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Portulaca oleracea subsp. sativa (Golden Purslane)

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Scientific Name

Portulaca oleracea subsp. sativa (Haw.) Čelak.

Accepted Scientific Name

Portulaca oleracea L.

Common Names

Golden Purslane

Synonyms

Portulaca sativa, Portulaca oleracea var. sativa

Scientific Classification

Family: Portulacaceae
Subfamily: Portulacarioideae
Genus: Portulaca

Description

Portulaca oleracea subsp. sativa is an annual, low-growing succulent with a spread of up to 2 feet (60 cm). The leaves are much bigger, more yellow, and less succulent than Portulaca oleracea subsp. oleracea. The stems are mostly the same color as the leaves.

Portulaca oleracea subsp. sativa (Golden Purslane)

Photo via wikipedia.org

Hardiness

It is grown as an annual plant, so it has no USDA hardiness zone.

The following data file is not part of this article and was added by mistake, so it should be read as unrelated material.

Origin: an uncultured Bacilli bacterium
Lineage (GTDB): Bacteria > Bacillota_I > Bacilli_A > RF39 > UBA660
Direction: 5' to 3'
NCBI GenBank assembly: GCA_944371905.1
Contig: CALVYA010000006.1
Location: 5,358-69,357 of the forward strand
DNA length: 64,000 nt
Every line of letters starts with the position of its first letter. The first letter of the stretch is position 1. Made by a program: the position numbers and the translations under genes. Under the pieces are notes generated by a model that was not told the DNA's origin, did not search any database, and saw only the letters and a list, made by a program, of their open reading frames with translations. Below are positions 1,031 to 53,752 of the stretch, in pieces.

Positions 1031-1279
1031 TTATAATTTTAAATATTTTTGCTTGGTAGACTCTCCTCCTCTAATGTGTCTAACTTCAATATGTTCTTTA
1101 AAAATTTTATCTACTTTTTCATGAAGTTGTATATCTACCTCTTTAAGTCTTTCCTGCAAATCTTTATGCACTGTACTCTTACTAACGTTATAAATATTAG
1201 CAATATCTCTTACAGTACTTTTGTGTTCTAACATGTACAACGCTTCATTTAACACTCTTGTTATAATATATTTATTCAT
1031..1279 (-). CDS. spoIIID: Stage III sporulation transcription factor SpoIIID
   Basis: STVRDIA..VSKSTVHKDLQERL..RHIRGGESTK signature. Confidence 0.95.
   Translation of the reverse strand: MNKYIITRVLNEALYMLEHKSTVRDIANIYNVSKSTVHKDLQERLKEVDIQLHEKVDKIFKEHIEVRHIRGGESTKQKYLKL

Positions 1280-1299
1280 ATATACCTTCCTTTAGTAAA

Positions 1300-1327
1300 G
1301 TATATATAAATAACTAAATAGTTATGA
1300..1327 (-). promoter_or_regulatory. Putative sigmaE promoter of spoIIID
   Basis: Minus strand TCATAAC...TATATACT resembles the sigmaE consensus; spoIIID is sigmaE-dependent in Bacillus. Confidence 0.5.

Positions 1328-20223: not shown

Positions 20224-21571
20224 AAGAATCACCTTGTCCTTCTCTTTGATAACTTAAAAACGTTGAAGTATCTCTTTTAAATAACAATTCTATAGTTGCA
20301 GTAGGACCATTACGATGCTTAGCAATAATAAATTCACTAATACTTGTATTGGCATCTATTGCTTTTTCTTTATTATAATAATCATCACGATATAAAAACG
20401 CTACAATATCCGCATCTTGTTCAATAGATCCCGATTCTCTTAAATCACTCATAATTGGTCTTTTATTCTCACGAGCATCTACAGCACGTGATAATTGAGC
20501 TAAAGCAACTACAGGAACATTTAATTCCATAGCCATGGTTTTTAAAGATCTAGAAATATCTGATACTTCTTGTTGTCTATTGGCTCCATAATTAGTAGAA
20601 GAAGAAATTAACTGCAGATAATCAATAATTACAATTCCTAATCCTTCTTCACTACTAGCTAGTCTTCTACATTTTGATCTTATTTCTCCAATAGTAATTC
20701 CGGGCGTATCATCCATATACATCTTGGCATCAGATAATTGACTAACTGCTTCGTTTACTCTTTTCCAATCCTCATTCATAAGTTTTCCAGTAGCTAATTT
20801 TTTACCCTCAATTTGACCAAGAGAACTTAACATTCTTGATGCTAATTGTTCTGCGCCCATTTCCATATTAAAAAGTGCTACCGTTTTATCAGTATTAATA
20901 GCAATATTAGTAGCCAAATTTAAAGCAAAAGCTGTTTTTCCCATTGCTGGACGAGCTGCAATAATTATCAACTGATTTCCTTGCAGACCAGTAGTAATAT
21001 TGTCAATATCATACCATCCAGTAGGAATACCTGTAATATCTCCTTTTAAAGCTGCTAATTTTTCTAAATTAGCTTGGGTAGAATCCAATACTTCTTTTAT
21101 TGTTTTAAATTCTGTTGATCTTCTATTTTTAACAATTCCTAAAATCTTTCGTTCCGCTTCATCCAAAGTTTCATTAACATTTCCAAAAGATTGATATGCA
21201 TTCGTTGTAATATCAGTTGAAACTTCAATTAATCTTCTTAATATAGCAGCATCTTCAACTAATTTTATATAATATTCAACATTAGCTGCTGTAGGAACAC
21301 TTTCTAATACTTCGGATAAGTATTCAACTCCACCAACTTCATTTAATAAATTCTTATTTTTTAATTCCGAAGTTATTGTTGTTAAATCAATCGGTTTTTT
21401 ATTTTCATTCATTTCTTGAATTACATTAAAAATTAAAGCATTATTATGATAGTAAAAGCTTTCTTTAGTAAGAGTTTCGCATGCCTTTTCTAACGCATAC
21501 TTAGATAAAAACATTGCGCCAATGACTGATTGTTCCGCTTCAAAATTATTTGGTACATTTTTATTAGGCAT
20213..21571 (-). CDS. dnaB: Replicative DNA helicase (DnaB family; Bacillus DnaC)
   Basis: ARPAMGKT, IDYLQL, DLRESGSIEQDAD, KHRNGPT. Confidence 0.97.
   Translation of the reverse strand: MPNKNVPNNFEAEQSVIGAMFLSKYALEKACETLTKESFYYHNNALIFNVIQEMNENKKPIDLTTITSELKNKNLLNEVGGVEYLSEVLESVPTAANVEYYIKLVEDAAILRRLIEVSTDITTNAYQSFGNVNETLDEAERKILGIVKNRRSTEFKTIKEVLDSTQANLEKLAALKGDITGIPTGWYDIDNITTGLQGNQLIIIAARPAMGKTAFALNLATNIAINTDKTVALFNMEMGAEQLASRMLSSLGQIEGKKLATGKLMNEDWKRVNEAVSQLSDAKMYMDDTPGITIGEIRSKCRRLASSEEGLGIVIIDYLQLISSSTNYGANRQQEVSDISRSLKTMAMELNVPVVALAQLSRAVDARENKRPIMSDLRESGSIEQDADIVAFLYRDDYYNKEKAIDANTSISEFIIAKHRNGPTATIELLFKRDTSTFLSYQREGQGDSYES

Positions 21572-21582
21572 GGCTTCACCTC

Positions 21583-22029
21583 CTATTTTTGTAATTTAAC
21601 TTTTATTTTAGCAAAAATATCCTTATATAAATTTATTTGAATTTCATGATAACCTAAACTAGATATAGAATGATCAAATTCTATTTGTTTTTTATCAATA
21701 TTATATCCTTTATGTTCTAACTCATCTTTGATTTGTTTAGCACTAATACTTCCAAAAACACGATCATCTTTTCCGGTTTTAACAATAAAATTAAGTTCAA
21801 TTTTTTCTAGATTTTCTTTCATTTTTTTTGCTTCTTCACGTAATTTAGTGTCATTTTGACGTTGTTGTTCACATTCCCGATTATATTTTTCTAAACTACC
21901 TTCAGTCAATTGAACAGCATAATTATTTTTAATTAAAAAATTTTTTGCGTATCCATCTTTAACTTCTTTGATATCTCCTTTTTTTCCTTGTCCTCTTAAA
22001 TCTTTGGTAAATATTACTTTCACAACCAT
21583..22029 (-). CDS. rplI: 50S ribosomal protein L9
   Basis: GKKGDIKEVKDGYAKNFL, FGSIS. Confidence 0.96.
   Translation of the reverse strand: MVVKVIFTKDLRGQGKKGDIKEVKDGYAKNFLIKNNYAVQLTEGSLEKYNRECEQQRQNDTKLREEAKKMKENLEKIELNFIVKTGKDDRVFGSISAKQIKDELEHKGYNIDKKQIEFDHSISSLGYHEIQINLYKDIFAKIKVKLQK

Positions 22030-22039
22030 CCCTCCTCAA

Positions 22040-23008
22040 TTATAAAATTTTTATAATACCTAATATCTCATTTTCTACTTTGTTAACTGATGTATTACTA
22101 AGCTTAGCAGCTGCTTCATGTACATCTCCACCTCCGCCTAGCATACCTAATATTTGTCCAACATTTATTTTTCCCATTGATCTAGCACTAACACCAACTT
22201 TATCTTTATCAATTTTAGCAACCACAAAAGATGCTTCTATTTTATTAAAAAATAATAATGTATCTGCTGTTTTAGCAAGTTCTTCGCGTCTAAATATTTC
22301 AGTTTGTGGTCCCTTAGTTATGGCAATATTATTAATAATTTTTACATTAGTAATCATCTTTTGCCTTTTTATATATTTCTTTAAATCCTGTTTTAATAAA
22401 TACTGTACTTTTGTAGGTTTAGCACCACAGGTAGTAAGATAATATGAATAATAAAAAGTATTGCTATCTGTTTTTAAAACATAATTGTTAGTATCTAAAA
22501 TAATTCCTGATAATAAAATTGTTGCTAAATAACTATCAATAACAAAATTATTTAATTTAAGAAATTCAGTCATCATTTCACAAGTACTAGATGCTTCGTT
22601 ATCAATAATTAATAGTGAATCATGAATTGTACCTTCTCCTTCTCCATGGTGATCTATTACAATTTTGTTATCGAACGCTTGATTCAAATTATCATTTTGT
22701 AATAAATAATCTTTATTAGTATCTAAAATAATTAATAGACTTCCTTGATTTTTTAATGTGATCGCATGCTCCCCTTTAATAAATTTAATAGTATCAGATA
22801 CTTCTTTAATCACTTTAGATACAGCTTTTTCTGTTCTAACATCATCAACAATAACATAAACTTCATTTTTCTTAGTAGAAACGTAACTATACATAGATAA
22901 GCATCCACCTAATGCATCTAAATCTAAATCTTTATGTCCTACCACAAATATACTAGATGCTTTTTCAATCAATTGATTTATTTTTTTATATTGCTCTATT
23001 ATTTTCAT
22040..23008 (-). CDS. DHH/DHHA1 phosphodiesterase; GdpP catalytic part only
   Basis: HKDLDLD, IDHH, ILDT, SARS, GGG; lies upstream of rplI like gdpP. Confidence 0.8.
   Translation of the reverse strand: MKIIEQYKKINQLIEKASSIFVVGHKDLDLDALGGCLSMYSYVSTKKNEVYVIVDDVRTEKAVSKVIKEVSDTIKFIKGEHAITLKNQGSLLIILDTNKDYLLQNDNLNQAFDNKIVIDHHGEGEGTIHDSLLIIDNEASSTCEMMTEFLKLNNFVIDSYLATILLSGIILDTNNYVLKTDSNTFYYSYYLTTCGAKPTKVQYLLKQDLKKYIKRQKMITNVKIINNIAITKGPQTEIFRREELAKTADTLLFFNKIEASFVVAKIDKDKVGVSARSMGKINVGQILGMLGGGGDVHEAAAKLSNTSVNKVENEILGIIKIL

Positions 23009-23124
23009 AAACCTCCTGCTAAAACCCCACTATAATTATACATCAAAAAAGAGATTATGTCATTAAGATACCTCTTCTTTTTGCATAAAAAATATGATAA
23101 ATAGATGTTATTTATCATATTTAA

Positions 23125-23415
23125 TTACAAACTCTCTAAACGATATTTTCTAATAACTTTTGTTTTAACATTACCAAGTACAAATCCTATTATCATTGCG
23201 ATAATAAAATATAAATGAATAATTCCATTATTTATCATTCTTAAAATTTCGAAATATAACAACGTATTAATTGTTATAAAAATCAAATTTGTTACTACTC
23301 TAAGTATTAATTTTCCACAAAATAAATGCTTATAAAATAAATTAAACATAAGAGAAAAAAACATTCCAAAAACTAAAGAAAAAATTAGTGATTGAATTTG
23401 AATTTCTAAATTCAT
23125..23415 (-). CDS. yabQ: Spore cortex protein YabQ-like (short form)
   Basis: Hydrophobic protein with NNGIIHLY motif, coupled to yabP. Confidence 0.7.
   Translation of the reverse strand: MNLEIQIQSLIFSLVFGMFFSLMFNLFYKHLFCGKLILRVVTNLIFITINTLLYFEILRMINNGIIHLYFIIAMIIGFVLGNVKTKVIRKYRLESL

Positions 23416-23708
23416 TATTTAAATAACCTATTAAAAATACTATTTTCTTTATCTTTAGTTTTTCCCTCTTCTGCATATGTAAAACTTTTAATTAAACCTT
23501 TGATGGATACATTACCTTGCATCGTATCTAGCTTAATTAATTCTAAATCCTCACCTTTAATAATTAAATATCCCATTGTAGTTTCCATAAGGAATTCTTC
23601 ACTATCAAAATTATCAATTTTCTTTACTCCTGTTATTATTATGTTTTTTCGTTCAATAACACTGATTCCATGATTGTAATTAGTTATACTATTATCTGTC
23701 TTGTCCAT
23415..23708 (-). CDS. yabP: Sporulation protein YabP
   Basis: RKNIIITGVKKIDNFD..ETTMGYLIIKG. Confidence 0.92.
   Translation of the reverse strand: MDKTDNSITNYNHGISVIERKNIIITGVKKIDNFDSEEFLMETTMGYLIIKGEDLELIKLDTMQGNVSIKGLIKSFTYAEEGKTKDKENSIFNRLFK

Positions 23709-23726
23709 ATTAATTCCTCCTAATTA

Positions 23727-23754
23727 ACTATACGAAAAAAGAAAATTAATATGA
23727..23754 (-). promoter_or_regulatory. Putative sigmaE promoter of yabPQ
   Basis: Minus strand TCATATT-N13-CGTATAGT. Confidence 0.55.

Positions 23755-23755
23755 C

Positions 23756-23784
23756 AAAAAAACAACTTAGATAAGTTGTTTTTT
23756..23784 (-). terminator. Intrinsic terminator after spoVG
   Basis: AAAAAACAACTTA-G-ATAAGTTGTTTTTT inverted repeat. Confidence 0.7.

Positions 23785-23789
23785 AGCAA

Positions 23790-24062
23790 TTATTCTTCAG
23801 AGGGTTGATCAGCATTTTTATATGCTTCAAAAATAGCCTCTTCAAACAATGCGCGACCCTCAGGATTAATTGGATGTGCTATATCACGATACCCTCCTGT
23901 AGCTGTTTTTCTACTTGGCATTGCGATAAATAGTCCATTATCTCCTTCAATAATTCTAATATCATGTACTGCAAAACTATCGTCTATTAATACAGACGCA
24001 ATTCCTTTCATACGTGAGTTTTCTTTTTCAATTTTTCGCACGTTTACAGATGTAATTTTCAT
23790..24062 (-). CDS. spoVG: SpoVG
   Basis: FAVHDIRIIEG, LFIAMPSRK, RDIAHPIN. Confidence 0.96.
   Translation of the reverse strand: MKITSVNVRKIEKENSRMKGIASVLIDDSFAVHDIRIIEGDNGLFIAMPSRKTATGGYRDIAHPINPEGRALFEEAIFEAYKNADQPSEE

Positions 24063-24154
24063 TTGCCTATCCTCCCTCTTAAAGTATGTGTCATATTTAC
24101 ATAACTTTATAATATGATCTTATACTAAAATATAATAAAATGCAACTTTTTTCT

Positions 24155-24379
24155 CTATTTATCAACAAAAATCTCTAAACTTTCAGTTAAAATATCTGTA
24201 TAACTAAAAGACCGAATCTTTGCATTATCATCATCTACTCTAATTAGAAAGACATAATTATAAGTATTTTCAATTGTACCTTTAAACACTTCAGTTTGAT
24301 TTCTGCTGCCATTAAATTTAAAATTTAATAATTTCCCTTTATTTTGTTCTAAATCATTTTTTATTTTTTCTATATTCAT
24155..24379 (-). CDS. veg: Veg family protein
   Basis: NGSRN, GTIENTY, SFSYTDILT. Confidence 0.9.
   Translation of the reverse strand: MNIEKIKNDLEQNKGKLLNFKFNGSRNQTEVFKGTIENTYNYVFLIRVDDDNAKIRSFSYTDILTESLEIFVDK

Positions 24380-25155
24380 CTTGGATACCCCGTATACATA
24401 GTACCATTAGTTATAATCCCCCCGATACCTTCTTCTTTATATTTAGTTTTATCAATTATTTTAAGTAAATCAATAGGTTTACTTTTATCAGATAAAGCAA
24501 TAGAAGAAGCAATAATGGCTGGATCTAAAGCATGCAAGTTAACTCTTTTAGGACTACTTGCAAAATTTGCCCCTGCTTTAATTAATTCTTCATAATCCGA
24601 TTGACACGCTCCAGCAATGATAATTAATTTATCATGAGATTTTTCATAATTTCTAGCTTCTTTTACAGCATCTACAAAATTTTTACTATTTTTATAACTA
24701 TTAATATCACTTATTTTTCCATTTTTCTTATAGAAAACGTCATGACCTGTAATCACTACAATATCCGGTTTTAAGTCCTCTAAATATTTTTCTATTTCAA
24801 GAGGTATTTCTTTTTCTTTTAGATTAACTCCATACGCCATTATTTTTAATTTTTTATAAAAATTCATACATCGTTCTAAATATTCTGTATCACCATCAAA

How to Grow and Care

Portulacas tolerate many kinds of soil but prefer sandy, well-drained soil and love the full sunlight. These plants are excellent for high heat and drought tolerance and will seed and spread themselves very well. Some control methods may be needed to keep Portulacas from becoming invasive to areas where they are not wanted. These beautiful plants do spread easily and very well.

These succulents require no attention at all when growing and flowering. However, you should remove them from the garden before Portulacas have a chance to set seed as they may take over the garden. You do not need to water often for proper Portulaca care. The cylindrical foliage of the plants retains moisture very well. Thus, regular watering is not needed. When they are watered, just a light watering will do, as their root zone is very shallow.

The seeds of Portulacas should be sown on the soil surface following the last frost of spring. Ideally, these plants should be grown in a sunny part of the garden. If starting Portulaca indoors, then start about one and a half months in advance.

Learn more at How to Grow and Care for Portulaca.

Origin

Portulaca oleracea subsp. sativa exists mostly in cultivated forms in Iran and is occasionally found as escaped from cultivation in the wild.

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